On Managing Acute Uncertainty in a Time of Medical Crisis
Elizabeth Silver Considers What We Can Learn From the Bad Times
Three years ago, I wrote a book which explored how we cope not just with the unknown, but the uncertain elements of our health. It had nothing to do with pandemics or contagion, though that is certainly driven by the unknown. It also had nothing to do with viruses. Rather, it followed something much smaller, much more individual: the first year of life of my then-infant daughter after she mysteriously had a stroke at six weeks, and it ended when she was a year old and fully recovered, detailing the terrifying time in between. The title The Tincture of Time: A Memoir of (Medical) Uncertainty comes from the commonly-known phrase used by medical professionals the world over when the only answer for a prognosis is time. It’s not the cliché that time will heal all wounds, because it may for some and may not for others, but rather the prescription of time as the only source of answers. It is a phrase I now rely on whenever something unexpected enters. The coronavirus is no exception.
Now that we are living with excruciating uncertainty, when I speak with people about the virus, the largest concern they share is fear. What exactly are they afraid of?, I ask, sharing much of that fear myself. Is it death? Death of a loved one? Lifelong injury as a result of illness? Financial Ruin? No, not quite. It’s uncertainty.
There is something we can do on an individual level, though, and that is to try and manage our uncertainty, so I offer you this approach, taken directly from the three stages of illness. When my daughter was sick, I navigated the ER, weeks in the NICU, a year of doctor visits, neurosurgery appointments, early intervention, fear, and confusion with this loose compartmentalization, and this structured approach felt like a lifeline. Perhaps, now, there’s a way to apply these lessons on a larger scale.
The three stages of illness are: “Acute,” “Sub-acute” and “Chronic.” Acute uncertainty is that initial time when we are thrust into a terrifying and unknown place. For me, it was when we brought my six-week-old daughter into an ER following seizures. That day, we rushed to the entrance to the emergency department, covering her to protect her tiny body, while she was triaged. While in the nurse’s arms, her right arm began to twitch like a torn electrical wire. It was before we knew that we’d be hospitalized for weeks, before we knew what the next few years would hold. It was triage. It was shock. It was a rip in our blissful routine and daily life.
The acute uncertainty with the coronavirus is now leaving its heightened intensity. In mid-March,, I walked into a prison in Lancaster, California to teach an 8-week creative writing class to 25 incarcerated men and had to leave my phone in the car for security reasons. Three hours later, I returned to my car and turned on my phone, where I had 27 text messages and three CNN updates telling me that Tom Hanks and Rita Wilson tested positive for coronavirus, that Trump gave his first Oval Office address and shut down Europe, and that the NBA shut down its season. I spent the next 90 minutes driving in darkness home to Los Angeles, listening to my sister, a doctor in Philadelphia, panic about what was to come. In a matter of three hours, we as a society were rushed to the Emergency Room, unsure, uncertain of what was going on; it’s as though our entire country was in an ambulance, not knowing what happened or why. Each generation has this epiphanic moment: remembering with vivid detail exactly where we were when JFK was assassinated or when the Challenger exploded or when the towers fell during 9/11. This new generation, too, will remember exactly where they were when the reality of the coronavirus hit them.Once we get past this sub-acute time, eventually we will wind up in chronic uncertainty. In other words: life.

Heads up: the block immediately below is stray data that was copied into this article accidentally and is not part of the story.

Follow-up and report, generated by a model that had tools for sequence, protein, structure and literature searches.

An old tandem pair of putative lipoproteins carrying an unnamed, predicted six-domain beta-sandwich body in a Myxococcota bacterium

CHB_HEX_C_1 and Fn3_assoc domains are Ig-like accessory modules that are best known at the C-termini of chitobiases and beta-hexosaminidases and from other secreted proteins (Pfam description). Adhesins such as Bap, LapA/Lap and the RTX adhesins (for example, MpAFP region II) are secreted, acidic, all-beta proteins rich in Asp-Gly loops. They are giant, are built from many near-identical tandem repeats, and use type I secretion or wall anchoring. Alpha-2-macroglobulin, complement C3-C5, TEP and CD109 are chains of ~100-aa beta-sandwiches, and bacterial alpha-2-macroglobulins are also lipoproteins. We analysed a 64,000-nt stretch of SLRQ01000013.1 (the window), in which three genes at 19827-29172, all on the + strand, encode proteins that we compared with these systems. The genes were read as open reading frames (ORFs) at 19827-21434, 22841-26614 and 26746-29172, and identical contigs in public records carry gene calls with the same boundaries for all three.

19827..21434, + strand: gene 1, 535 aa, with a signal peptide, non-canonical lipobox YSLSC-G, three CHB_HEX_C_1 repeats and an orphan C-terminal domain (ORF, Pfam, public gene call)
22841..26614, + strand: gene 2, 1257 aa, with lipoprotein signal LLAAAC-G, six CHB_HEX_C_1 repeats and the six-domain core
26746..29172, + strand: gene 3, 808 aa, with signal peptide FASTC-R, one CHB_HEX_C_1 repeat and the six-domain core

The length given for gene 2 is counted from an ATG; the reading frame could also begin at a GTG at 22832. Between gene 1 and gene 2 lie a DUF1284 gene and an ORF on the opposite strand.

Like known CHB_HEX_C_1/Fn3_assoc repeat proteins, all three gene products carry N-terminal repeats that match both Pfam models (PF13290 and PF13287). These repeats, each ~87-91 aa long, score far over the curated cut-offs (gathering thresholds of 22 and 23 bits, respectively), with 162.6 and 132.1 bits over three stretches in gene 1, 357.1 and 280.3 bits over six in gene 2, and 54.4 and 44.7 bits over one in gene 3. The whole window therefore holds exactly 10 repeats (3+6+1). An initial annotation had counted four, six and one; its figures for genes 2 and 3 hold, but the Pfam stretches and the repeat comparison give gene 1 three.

Our government began to pay attention to the doctors, and one by one, schools and cities and businesses shut down. We came to terms with the severity and uncertainty of this prognosis, and slowly tried to work our way out of the acute period. Once we know this, the acute uncertainty came to an end. We were admitted to the hospital. We had no choice to accept our medicine and treatment and wait.
Now, though it changes daily, we generally know now that some states are continuing to shelter-in-place and quarantine, while others have begun to reopen. Time and varying public health projections can tell us how those decisions may impact the next stages of uncertainty, but we remain in the sub-acute period of uncertainty while we wait.
When I was researching uncertainty in medicine, I interviewed dozens of experts and individuals experiencing various forms of medical uncertainty. Many faced long-term, ongoing uncertainty, which invariably turned their chronic uncertainty into the only known variable, while others shifted my perspective on what uncertainty is, what a medical crisis is, and helped me understand where I fall in the spectrum.